Adding a Correction Factor to the Allocation of Scarce Life-saving Resources in a Pandemic One Step Closer to Dismantling Structural Inequities

Main Article Content

Cathy Purvis Lively

Abstract

Photo by Richard Catabay on Unsplash


ABSTRACT


COVID-19 exposed deep-rooted structural inequities. Allocation protocols developed during COVID-19 may cause furtherance of structural inequalities. In this essay, I specifically address the issue of structural inequities in the context of resource allocation during a period of crisis standard of care. In response to the increasing evidence of structural inequities during the pandemic, physicians and bioethicists Douglas White and Bernard Lo proposed incorporating a correction factor into resource allocation protocols. According to them, this would provide an advantage for disadvantaged individuals. The proposed correction factors use the Area Deprivation Index to determine eligibility. I argue that the correction factor is ethically justified and supported by Rawls’s difference principle, Daniels’s equality of opportunity, and Harris’s double jeopardy argument. I also suggest that the proposed correction factor does not go far enough, particularly if used with other objective factors, such as SOFA scoring. At least one study shows that using SOFA scoring for resource allocation during COVID-19 has a discriminatory effect on non-Hispanic black patients. One problem with the correction factor using the ADI is that it only applies to those currently in the reflected socioeconomic status. Additionally, when only one hospital serves a largely socioeconomically disadvantaged community, all admissions will fall within the targeted category for application of the correction factor. Thus, further actions are needed to dismantle structural inequities, such as implementing load balancing or the planned sharing of resources among healthcare systems.


INTRODUCTION


COVID-19 forced deep-rooted structural inequities to the surface. SARS-CoV-2 was a novel virus, but the connection between structural inequities and the disparate impact of the virus on marginalized populations is not. The history of pandemics reflects how much structural inequities negatively influence health equity.[1] The lack of preparedness and response to the structural inequities exemplify “blistering systemic failures.”[2] Despite warnings from prior threats from SARS and H1N1, we were unprepared for COVID-19. Antommaria and Chelen show that one-half of responding hospitals did not have an allocation protocol in place.[3]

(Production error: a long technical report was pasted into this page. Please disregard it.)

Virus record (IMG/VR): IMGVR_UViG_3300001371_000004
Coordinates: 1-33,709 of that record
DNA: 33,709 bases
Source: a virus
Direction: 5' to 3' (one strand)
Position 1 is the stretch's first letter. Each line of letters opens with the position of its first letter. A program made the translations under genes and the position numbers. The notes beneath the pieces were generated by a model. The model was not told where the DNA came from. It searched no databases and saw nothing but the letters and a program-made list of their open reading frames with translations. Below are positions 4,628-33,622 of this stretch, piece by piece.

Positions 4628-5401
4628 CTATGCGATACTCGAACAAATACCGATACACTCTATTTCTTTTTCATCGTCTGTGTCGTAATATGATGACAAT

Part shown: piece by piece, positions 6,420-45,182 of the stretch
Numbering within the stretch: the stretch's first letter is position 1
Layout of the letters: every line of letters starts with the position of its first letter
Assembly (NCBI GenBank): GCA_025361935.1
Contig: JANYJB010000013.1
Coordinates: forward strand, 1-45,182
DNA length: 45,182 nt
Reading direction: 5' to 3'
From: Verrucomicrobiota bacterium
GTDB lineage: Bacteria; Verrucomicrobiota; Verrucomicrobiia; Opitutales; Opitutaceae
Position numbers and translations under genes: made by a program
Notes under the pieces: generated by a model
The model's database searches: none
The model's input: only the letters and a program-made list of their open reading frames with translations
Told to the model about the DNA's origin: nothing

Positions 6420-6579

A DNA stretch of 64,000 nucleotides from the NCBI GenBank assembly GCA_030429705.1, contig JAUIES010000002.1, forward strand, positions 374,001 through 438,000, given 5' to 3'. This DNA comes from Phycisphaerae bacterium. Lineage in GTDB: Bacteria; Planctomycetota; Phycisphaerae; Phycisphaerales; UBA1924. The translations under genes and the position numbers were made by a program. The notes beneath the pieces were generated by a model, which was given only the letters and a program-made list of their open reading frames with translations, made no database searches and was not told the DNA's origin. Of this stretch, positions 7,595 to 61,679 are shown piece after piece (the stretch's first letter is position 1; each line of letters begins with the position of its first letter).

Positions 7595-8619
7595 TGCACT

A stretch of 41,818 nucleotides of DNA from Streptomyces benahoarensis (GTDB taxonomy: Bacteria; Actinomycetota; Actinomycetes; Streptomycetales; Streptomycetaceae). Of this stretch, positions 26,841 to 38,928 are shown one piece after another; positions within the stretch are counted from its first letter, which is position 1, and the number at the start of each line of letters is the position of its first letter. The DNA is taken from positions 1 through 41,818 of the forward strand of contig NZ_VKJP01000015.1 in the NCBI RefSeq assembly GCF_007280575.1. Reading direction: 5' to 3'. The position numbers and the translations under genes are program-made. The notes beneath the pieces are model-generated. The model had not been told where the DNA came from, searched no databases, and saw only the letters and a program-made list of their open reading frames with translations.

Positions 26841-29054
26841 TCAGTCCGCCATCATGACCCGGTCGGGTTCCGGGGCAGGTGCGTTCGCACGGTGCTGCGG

When an influx of critically ill patients and limited resources required implementing a crisis standard of care, many hospitals quickly established protocols addressing the allocation of scarce resources. Most crisis standard of care (CSC) protocols reflect public health’s utilitarian focus on saving the most lives.[4] The utilitarian focus ignores the disproportionate impact resulting from structural inequities.


In December 2020, two physicians and bioethicists, Douglas White and Bernard Lo responded to the increasing evidence of the disproportionate impact of COVID-19 on disadvantaged communities by adding a correction factor to their CSC resource allocation protocol.  The correction factor adjusts triage scores of individuals living in the most disadvantaged neighborhoods by subtracting one point from the triage score.[5] Patients with lower triage scores are more likely to receive life-saving care. Thus, subtracting a point provides an advantage.


The correction factor uses a composite measure of disadvantage to determine eligibility called the Area Deprivation Index (ADI).[6] The ADI is a geographic measure of socioeconomic disadvantage that calculates an aggregate disadvantage score on a 10-point scale. The ADI measures seventeen elements of disadvantage related to poverty, education, employment, physical environment, and infrastructure.[7] The correction factor compensates for structural injustices by using ADI scores of patients in the highest quartile of socioeconomic disadvantage or having an ADI score of 8 to 10 since the strongest association between ADI scores and health outcomes occurs at the highest ADI levels.[8]


l.     Ethical Justifications


Various theories of justice support applying the correction factor in the allocation of scarce resources. Rawls’s difference principle provides an ethical justification for the correction factor as it benefits the worse off in the event of resource allocation.[9] Applying the correction factor and subtracting one point from the triage score admittedly creates inequality among two otherwise like patients, but it is justified under Rawls’s theory since it gives the advantage to the least advantaged, addressing equity.


Norman Daniels’ argument for protecting fair “equality of opportunity” also supports the correction factor.[10] The correction factor protects the equality of opportunity for those denied access to care because of deep-rooted structural inequities exacerbated by the pandemic. Using the correction factor to provide access to life-saving resources compensates patients with diminished opportunities in other arenas like the social determinants of health.